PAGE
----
If you’ve spent time in academia, you’ve probably heard the phrase “publish or perish.” This refers to the idea that, as an academic, if you do not publish research regularly, your career will die. Academic publishing is supposed to be the gold standard of science: you conduct research, you submit it to a journal, your work gets reviewed by other scientists who critique it, you make the changes they require to bring it up to the required standard, and you have a publication.
Publications build your CVs, which in turn builds your career. Advice I have received as a grad student invariably contain “have 2-3 publications before you get your PhD if you want to stay in academia,” and one of the more useful classes I have taken had a professor emphasizing that you need to think of the publishing potential of all the research you undertake prior to even starting the research.
“Publish or perish” neatly exemplifies the idea that if you’re not doing work, you’re just not doing enough.
Beyond being competitive for the job market at graduation, what you publish and how often also determines your chances at getting tenure, that is a job for life at a university. Tenure is highly sought after, even if studies show that the number of tenured jobs available is decreasing while the number of PhD holders is increasing.
“Publish or perish” neatly exemplifies the idea that if you’re not doing work, you’re just not doing enough. This is so ingrained in academic culture that a slew of memes exist revolving around the idea that “you should be writing.” Even though publishing is supposed to be “good” research, and certainly that is still important, publishing is slowly turning into a quantity-over-quality game. There are so many journals that it is difficult to know which have high standards and which do not without spending time researching them. In theory, again, they should all be going through the same peer-review process, but academic publishing is a business, and papers make money. The recent story about three academics managing to get papers published and accepted for publication, even though they were either made up or preposterous, illustrates that there is something broken about academic publishing.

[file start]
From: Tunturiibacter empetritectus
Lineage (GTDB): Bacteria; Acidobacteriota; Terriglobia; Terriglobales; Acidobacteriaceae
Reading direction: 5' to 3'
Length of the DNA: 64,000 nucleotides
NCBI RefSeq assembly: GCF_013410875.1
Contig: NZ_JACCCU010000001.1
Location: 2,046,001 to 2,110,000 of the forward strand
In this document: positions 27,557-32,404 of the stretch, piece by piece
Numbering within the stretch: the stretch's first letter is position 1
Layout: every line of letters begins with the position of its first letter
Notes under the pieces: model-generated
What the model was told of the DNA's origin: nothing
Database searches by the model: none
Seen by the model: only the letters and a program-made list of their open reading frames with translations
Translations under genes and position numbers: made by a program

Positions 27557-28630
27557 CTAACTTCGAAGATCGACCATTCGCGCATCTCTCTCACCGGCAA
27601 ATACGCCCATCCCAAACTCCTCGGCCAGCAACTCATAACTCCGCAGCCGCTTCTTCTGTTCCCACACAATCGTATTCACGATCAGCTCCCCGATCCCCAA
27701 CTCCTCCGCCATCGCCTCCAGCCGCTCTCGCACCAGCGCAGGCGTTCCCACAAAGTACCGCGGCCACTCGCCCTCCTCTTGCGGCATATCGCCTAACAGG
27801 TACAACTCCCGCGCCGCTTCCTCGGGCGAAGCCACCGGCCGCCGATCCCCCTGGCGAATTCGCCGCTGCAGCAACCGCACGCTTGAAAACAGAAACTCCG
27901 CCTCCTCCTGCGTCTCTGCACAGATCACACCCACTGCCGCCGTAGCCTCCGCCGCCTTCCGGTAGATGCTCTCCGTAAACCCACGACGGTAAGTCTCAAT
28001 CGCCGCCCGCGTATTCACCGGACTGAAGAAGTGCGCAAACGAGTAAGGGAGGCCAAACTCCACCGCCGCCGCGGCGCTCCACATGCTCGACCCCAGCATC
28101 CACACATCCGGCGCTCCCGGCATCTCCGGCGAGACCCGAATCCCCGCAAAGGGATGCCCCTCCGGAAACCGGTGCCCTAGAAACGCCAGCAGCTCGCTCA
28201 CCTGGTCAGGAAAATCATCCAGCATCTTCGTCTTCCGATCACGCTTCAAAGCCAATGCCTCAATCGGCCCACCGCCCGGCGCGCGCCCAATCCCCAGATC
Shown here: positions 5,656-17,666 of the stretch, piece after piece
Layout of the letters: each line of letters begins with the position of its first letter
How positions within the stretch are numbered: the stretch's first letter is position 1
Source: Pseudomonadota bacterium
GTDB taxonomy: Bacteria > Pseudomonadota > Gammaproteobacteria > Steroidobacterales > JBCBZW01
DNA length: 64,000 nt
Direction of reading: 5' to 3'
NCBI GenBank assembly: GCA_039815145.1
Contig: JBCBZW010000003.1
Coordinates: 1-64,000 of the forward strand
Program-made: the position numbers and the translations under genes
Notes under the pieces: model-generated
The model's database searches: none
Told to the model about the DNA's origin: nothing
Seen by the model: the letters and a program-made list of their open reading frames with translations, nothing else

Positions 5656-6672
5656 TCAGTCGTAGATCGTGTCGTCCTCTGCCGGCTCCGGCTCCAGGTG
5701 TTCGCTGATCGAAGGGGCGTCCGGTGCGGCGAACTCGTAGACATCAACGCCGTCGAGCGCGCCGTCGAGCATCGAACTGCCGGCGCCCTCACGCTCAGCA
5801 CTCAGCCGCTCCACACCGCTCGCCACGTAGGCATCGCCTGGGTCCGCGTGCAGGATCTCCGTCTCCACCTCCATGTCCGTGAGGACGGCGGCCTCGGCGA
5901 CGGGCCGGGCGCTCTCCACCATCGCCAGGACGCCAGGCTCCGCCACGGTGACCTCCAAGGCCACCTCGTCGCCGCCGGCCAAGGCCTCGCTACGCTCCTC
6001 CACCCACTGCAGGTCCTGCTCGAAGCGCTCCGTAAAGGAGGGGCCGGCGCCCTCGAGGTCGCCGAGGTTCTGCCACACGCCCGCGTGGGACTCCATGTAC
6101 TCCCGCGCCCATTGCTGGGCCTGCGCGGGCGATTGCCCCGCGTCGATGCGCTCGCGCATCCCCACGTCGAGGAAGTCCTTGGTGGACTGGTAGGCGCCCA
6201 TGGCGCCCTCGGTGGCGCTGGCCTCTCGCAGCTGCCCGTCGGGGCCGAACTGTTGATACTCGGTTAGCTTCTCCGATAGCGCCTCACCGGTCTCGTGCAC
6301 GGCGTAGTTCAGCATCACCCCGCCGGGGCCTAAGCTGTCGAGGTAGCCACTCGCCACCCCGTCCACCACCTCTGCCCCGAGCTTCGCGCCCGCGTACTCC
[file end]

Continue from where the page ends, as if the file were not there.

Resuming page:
Even for academics without a disability, this expectation of producing work is brutal. There is a lot of guilt that comes with not doing enough, to the point where it even changes what “free time” entails. There is an expectation, especially as a graduate student, that you simply should not have free time. Every moment of your waking day should be spent in pursuit of your degree.
When you have a disability that affects your ability to think, process information, and get things done, this unattainable standard is even further away. I posted earlier about feeling that I could not use fibromyalgia as an “excuse” because I wanted to be held to the same standard as my peers, and that means producing research at the same pace as they are. And yet, if I produce good research but need slightly more time to produce it, I am not as competitive as others in the field. It doesn’t matter if my research is sound or good; if I am not publishing regularly, I am at a disadvantage.
Currently, I am working on two manuscripts (research papers to be submitted to a journal for publication). One of them is part of my work, while the other is research from my Masters degree that I am finally getting around to turning into publication format. I am trying to churn them out before the year is over because I want to be able to tell my committee that I am finally on the way to getting something published, after three and a half year as a graduate student. I have accomplished many other things this year, and yet it feels that if I don’t manage to submit something for publication, I won’t have quite done enough.
The pernicious thing, too, is that there really isn’t an “enough.” There are lower limits that you should be hitting, but really no upper limits. Even with no disability, this is not a healthy model.